Goldilocks and the HMOs
A Fractured Healthcare Tale
Once upon a time, Goldilocks lived in a country where medical care was not a right, it was a privilege. Goldilocks loved her husband and her son so much that she decided to give them the most precious gift in the whole wide world: healthcare coverage.
When she married Hubby she discovered he had been playing Russian Roulette with his health for years. She shuddered. She did research. She filled out an online application with Kaiser Permanente. She herself had Kaiser, and for the most part had had good luck with this giant HMO. Ok, there was that one time in 2003 when she slipped on a rock at Loon Lake and twisted her ankle and her PCF (primary care physician) declared it not broken without doing an x-ray and Goldilocks walked around on the ankle for a full week before going back and insisting on an x-ray, which showed a spiral fracture. Oops! Oh yes, and before that when her OB/GYN prescribed a medication for PMS, but she was on a similar medication already, and no one bothered to tell her she needed to taper off the first medicine before introducing the new medicine and she ended up in seizures and burst a blood vessel in her eye.
The important thing is that Goldilocks had health coverage. And Hubby did not. So she set out to sign Hubby up.
She read the Health Information questions -- all 8 pages of them -- aloud. Hubby supplied the answers. Many of them he could only guesstimate. It had literally been years since he'd seen a doctor, although he had gotten a sample of some blood pressure meds from a nurse practitioner about 6 months before.
When Kaiser (aka The Big Bad HMO) accepted Hubby Goldilocks was ecstatic.
But it soon became obvious they were only luring him into a false sense of medical security. Not unlike that cross-dressing wolf Goldi's friend Little Red Riding Hood kept running into in the forest.
Hubby immediately made an appointment to see his new doctor. He was so excited he told the doctor things he probably shouldn't have. Things about his medical background. Things about the aches and pains he was struggling with. Things that ultimately got used against him.
- COBRA Insurance .com - COBRA Insurance Information Source
COBRA Insurance is the leading information site on COBRA Health Insurance. COBRA Insurance is a leading provider of Temporary Insurance
- Denied Health Insurance?
Guide to getting health insurance if you're denied health coverage.
- If you are denied health insurance - State high risk pools or funds
Hubby Was Too Big
A week or so later, Hubby received an official looking envelope from Big Bad HMO. His doctor, it seems, had blown the whistle on him. The doctor's notes indicated a plethora of "preexisting conditions" which Hubby had failed to disclose on his application. One of the most serious was that in guesstimating his weight (he and Goldilock owned no scale), Hubby was off by about 20 lbs. And those 20 lbs. were enough to tip him into an unacceptable BMI (Body Mass Index) range.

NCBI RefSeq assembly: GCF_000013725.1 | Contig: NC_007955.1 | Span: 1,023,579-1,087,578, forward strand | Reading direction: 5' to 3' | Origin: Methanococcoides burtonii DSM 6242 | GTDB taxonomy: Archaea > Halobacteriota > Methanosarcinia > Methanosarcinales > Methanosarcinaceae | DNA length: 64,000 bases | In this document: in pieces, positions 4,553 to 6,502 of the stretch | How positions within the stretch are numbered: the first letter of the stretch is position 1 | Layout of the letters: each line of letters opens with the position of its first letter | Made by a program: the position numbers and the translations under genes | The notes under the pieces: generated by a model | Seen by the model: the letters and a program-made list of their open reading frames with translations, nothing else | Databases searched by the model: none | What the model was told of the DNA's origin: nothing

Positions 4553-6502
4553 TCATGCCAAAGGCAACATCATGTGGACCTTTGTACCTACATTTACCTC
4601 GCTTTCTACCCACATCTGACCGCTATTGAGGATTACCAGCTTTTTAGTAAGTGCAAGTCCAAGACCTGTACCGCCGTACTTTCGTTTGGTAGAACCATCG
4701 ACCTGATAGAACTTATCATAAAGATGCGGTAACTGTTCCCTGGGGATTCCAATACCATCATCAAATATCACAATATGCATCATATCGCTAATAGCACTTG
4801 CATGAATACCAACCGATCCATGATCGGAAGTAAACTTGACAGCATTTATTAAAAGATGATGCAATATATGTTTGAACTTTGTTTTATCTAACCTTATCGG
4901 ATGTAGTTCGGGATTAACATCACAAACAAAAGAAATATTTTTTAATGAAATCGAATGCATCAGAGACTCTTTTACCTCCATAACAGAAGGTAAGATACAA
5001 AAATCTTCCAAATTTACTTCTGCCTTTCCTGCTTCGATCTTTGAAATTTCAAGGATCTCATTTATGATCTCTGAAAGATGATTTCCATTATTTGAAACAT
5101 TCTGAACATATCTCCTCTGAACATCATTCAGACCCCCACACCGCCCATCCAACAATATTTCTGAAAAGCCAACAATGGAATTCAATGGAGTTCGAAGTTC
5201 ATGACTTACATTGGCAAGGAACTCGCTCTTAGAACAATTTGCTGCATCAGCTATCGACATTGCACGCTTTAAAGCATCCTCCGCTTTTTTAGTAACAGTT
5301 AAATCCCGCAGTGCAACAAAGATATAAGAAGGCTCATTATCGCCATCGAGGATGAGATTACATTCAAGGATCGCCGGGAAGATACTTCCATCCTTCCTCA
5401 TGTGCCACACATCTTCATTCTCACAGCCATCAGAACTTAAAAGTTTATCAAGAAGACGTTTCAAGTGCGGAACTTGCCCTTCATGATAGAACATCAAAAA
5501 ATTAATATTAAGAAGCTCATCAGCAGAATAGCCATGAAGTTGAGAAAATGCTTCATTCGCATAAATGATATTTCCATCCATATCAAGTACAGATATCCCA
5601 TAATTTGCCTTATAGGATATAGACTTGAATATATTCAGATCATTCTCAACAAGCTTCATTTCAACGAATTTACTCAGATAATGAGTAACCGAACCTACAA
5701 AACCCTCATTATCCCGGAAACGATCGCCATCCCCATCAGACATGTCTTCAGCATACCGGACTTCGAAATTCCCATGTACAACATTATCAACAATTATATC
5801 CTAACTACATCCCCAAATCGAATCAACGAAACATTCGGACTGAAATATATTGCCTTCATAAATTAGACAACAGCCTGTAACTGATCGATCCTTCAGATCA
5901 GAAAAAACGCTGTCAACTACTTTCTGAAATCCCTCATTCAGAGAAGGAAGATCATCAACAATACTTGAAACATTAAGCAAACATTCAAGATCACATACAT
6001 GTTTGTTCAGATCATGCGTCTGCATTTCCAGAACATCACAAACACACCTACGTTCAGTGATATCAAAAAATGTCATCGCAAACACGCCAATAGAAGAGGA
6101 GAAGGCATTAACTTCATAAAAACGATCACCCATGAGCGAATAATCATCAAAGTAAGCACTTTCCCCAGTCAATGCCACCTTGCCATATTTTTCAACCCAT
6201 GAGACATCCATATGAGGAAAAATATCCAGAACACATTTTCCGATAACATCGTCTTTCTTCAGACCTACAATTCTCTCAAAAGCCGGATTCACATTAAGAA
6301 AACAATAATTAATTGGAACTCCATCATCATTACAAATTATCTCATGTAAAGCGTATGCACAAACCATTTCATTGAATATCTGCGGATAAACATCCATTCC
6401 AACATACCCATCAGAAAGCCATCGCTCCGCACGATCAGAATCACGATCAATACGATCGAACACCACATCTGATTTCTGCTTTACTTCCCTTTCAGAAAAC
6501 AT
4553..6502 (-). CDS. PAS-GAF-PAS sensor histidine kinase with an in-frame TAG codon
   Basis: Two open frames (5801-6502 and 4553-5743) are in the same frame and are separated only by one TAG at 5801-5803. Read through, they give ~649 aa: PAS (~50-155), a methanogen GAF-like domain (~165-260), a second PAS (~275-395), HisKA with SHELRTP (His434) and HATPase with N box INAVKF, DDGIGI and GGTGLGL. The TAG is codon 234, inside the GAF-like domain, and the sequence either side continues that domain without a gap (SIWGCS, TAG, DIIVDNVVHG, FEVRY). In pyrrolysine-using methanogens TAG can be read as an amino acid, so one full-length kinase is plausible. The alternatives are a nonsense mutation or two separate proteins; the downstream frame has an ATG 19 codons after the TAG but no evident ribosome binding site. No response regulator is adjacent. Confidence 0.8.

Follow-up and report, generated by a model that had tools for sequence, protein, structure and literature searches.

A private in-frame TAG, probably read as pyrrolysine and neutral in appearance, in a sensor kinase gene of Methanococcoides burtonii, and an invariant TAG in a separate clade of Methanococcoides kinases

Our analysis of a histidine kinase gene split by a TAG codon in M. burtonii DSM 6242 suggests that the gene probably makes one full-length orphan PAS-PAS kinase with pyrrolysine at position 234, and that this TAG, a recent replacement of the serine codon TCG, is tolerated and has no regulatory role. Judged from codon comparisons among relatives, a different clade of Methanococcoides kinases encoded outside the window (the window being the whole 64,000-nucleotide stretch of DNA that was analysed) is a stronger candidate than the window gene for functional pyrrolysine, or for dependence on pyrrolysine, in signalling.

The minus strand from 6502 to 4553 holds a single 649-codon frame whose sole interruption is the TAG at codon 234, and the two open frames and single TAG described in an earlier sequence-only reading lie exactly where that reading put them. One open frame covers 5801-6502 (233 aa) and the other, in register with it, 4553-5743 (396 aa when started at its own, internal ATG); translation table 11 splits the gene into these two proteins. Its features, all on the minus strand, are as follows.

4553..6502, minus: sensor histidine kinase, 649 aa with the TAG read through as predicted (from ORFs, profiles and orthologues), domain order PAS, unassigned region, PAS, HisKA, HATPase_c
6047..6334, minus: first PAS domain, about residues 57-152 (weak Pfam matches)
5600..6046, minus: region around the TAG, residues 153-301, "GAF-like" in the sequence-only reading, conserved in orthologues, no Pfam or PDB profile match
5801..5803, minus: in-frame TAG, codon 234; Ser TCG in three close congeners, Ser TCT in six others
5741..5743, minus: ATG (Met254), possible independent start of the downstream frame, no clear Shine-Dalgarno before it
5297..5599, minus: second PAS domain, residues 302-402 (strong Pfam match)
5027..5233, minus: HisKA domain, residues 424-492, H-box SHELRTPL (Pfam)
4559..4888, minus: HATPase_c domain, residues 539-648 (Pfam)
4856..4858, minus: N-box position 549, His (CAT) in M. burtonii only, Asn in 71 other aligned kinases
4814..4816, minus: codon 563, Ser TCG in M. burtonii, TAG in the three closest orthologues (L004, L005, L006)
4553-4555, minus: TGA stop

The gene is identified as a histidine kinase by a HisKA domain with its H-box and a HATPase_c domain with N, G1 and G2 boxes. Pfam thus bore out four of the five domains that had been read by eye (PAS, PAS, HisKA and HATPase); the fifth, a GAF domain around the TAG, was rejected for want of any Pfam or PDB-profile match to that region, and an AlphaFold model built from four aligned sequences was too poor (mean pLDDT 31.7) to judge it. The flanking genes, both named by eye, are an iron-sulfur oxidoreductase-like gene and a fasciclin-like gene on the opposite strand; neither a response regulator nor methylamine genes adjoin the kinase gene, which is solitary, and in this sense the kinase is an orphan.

Big Bad HMO rescinded Hubby's membership. They went so far as to accuse him of FRAUD. Now, if there is anything you don't ever accuse Hubby of, it's dishonesty. From then on Hubby paid out of pocket for his healthcare.
If At First You Don't Succeed
Goldilocks was a quick study -- or at least she thought she was. She had learned her lesson with the acceptance cum rejection of Hubby's coverage. She was not going to let that happen to her again, no sir!
Now Goldi's offspring (Sonny ) had always been covered under his dad's plan. A very rich plan. A plan that Goldi did not want to deprive him of, especially now that his dad was dead.
Alas, the monthly premium to continue his benefits under COBRA was more (a LOT more) than poor Goldilocks could afford. Even though she was used to paying high Kaiser premiums for herself, $350+ a month for a healthy 17-year-old seemed outrageous.
Hoping for a loophole, any loophole, Goldilocks read the fine print of the letter from the COBRA administration. "Ah ha!" she exclaimed. "Here's something interesting!"
Notice of Premium Reduction
And Second Election Period
"If you have become eligible for COBRA continuation as the result of an involuntary termination of employment (as determined by the Employer) between September 1, 2008 and December 31, 2009, you may be eligible for a federally subsidized premium reduction. In addition, you may also be eligible for a second election period if your qualified event was associated with an involuntary termination of employment that occurred on or after September 1, 2008 and you did not have a COBRA election in effect on February 17, 2009 (i.e., you failed to elect during your original election period or you elected but lost COBRA coverage prior to February 17, 2009)."